Forecasting Global Job Gaps
June 21, 2012
As noted in today’s news section, The McKinsey Global Institute (MGI) recently looked at the 70 countries that account for 96 percent of global GDP and are home to 87 percent of the world’s population.
By plotting their populations’ educational and age profiles, as well as per capita GDP, analysts can see how prepared their national labor forces are to meet future demand, how easily they can grow their labor forces, and how productive their labor is. This yields eight clusters of countries: four in developing economies, three in advanced economies, and one group comprising Russia and Central and Eastern European states.
While market forces will move to eliminate projected imbalances before their full impact is felt, they cannot be avoided entirely without a concerted, global effort by governments and businesses to raise educational attainment and provide job-specific training. Advanced economies will need to double the pace at which the number of young people earning college degrees is rising—and find ways to graduate more students in science, engineering, and other technical fields; these workers will be in high demand, and their contributions will be critical for meeting the rising productivity imperative.
Secondary and vocational training must be revamped to retrain mid-career workers and to provide job-specific skills to students who will not continue on to college.
Even then, in the next two decades, the world is likely to have too many workers without the skills to land full-time employment. In both developing and advanced economies, policy makers will need to find ways not only to produce high-skilled workers but also to create more jobs for those who aren’t as highly educated.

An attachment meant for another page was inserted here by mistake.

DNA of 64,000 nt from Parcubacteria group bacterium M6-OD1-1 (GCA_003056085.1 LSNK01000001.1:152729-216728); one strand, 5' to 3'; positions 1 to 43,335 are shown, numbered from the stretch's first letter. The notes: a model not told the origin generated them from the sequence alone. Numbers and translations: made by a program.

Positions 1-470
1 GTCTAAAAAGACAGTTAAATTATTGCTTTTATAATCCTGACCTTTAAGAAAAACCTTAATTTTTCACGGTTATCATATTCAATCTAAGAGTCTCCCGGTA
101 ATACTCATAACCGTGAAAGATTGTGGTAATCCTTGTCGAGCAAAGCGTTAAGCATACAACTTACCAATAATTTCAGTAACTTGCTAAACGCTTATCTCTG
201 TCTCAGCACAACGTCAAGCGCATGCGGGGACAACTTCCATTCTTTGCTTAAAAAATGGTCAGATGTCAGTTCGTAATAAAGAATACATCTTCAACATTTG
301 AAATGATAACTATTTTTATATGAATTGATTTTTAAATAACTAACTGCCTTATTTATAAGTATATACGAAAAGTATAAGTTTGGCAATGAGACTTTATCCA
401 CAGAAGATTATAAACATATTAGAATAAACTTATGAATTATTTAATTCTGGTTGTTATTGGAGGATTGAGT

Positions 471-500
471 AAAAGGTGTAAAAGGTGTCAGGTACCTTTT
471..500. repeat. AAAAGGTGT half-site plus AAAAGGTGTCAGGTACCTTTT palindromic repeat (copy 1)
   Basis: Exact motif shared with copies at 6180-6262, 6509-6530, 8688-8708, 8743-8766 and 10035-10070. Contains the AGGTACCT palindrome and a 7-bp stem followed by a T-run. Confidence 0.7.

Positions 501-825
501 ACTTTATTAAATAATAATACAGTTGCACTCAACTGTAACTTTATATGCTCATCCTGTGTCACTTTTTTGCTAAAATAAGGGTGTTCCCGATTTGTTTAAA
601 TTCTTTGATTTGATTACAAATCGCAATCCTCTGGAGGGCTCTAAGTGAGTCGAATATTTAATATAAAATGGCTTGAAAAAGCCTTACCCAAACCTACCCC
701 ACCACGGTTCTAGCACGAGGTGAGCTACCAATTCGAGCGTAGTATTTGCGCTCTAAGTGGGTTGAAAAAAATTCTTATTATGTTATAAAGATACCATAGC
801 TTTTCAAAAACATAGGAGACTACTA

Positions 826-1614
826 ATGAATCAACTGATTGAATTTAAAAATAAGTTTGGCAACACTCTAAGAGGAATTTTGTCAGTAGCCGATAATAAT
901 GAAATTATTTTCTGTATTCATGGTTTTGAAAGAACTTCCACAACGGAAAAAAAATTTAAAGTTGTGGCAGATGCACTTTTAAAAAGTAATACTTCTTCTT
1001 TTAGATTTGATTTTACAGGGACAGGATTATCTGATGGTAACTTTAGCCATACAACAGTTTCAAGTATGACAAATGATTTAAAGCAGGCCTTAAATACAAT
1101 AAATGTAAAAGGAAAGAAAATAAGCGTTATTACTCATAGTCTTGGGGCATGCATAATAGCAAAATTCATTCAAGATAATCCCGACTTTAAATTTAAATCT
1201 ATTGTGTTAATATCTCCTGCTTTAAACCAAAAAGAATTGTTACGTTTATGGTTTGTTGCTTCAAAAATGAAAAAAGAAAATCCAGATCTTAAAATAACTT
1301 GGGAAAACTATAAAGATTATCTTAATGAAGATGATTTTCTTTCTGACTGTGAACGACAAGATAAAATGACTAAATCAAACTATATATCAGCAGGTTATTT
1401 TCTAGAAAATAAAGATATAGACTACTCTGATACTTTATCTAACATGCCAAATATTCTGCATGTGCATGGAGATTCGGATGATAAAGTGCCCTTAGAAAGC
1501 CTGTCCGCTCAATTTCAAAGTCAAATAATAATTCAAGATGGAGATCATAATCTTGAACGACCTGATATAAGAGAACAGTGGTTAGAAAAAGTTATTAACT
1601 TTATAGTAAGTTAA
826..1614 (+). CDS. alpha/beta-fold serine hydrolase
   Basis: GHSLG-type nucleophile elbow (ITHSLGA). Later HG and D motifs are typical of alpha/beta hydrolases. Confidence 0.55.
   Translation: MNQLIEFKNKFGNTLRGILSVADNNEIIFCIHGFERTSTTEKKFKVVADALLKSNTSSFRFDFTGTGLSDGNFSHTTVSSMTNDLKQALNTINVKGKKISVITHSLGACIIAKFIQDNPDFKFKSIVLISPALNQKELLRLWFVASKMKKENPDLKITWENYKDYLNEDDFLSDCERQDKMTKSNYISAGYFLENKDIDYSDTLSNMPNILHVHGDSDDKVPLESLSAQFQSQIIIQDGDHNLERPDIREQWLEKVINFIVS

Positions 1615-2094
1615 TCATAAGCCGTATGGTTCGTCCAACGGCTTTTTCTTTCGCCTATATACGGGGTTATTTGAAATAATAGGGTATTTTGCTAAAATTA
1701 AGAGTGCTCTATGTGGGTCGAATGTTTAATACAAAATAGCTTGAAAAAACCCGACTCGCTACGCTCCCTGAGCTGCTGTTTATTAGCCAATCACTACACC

Solutions include moving up the value chain in developing economies (food processing creates more employment than growing export crops, for example) and finding opportunities for workers without a college education to participate in fast-growing fields—such as health care and home-based personal services—in advanced economies.
Businesses operating in this skills-scarce world must know how to find talent pools with the skills they need and to build strategies for hiring, retaining, and training the workers who will give them competitive advantage. This will include finding ways to retain more highly skilled women and older workers. Businesses will also need to significantly step up their activities in shaping public education and training systems in order to build pipelines of workers with the right skills for the 21st-century global economy.
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